There are certain exfoliants that should be used for specific skin types. By using the right type of exfoliant for your skin type, you can get better results. This should be a major determining factor when you’re shopping for an exfoliant.
Jojoba beads are a type of granule that can be found in physical exfoliants. Because physical exfoliants are harsher than chemical exfoliants, you should only use exfoliants with jojoba beads if you don’t have sensitive or acne-prone skin. If you choose to use physical exfoliants, they can be used about once per week.
Think your skin is too sensitive for jojoba beads and other physical exfoliants? Opt for a chemical exfoliant like glycolic acid instead. Glycolic acid dissolves the “cement” between the dead skin cells, unplugging pores and promoting a clear, smooth complexion.
On that note, jojoba beads are still gentler than sugar scrubs and other exfoliating ingredients like plastic microbeads, as they disintegrate and are naturally softer. So definitely don’t rule them out when looking for an exfoliating product.
Dr. Anita Sturnham, a dermatology GP explains how glycolic acid works. When the acid loosens the desmosome, which is what keeps the dead skin cells intact, the exfoliation process begins. Sturnham says, “As they get to work, you often feel a tingle in the skin. Once the desmosome is broken down, the skin naturally sheds its old, dead skin cells. So, although you won’t actually see your skin exfoliating, you’ll soon see and feel the smoother textured, more radiant-looking skin.”
Because chemical exfoliants are gentler, they are better for sensitive or acne-prone skin. While jojoba beads and other physical exfoliants can irritate acne and other skin concerns, glycolic acid can help. Chemical exfoliants work to heal and hydrate the skin in a non-abrasive way.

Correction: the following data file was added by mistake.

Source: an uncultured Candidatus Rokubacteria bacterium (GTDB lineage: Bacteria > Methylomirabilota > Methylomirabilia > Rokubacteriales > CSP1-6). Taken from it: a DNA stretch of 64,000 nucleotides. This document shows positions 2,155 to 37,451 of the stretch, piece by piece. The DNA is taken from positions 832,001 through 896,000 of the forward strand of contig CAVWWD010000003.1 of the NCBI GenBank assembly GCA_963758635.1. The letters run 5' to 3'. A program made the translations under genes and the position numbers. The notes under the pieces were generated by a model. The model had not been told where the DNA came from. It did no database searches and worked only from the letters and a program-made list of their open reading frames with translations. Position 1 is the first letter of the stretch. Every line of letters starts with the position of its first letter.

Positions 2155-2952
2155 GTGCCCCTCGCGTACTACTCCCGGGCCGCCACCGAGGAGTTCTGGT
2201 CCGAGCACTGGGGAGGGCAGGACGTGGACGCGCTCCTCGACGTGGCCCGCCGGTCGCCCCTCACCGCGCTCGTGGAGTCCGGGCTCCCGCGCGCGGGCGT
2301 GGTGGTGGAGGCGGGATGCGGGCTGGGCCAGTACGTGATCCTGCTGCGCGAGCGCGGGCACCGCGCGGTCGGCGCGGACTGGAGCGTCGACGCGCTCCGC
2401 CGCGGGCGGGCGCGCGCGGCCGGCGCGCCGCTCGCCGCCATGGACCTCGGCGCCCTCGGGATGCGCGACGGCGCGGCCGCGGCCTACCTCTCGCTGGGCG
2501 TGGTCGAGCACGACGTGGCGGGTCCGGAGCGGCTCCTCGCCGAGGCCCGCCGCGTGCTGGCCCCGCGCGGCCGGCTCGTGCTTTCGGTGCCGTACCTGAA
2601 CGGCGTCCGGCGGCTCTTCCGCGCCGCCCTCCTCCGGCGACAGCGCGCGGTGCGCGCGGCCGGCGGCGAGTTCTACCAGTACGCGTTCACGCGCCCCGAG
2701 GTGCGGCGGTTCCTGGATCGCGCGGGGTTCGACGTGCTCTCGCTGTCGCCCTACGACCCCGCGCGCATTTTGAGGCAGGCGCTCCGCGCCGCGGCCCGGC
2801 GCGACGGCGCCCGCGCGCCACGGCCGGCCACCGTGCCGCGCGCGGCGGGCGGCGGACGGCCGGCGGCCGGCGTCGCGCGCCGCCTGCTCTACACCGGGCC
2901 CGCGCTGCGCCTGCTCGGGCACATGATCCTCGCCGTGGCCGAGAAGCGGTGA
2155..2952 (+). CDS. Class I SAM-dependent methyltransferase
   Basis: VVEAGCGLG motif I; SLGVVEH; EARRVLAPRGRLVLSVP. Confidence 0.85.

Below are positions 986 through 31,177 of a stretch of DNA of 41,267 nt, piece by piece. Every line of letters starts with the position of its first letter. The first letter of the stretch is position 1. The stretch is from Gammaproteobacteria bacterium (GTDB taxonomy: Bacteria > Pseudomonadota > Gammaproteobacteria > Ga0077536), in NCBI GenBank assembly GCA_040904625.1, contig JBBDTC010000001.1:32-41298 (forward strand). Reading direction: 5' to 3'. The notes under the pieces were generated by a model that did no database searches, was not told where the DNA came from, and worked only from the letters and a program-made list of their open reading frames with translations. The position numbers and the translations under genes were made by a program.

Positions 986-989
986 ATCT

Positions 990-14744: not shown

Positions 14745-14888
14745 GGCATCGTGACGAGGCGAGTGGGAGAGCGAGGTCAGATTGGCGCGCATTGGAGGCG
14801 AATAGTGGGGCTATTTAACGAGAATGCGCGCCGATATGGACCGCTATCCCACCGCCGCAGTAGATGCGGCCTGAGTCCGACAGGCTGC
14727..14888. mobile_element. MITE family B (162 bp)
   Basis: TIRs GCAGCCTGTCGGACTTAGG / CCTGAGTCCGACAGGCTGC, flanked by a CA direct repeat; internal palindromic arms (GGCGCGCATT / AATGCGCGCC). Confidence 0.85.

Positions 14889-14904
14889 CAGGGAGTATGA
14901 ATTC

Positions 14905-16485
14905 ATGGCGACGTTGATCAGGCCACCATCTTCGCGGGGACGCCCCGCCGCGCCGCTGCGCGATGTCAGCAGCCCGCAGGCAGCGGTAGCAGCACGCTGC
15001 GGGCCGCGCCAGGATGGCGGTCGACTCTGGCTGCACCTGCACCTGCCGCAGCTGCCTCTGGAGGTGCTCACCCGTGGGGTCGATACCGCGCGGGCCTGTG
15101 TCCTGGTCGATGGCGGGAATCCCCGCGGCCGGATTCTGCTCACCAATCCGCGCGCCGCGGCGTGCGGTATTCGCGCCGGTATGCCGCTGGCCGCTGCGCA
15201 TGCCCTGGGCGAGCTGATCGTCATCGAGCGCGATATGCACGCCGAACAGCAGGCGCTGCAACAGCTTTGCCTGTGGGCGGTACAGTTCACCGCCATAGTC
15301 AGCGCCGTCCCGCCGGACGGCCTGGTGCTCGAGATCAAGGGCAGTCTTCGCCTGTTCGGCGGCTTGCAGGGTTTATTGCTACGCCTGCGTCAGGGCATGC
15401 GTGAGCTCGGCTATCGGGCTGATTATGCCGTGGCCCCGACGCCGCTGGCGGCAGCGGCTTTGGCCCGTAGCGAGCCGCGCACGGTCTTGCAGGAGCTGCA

Try Truly’s Mary Jane Glow Serum or Purple Rain Facial Oil for an extra boost of glycolic acid.
And for a gentler option over a sugar scrub, try Truly’s For Your Buns Bundle.
One common ingredient in physical exfoliants is plastic beads, and there are a couple of reasons you should avoid them.
First, these plastic beads can tear the skin, causing more harm than good. When the beads create microtears, this creates a place for bacteria to enter the skin. Second, plastic beads are not eco-friendly and are unable to break down as other exfoliant ingredients can.
Fortunately, more eco-friendly and skin-safe products are becoming available, so it’s not too challenging to avoid plastic beads. It’s something you should be aware of so you can get the best results from an exfoliant. If you are purchasing a physical exfoliant, make sure you know what the granules are made of to ensure you don’t irritate your skin. It seems like plastic beads are becoming less popular in exfoliants these days.
If your skin is sensitive, you should take extra caution when looking for an exfoliant to add to your lineup. Depending on your skin type, you may need to exfoliate less frequently or use gentler solutions. No matter what type of skin you have, there is an exfoliant that can slough away dead skin cells and reveal healthier skin.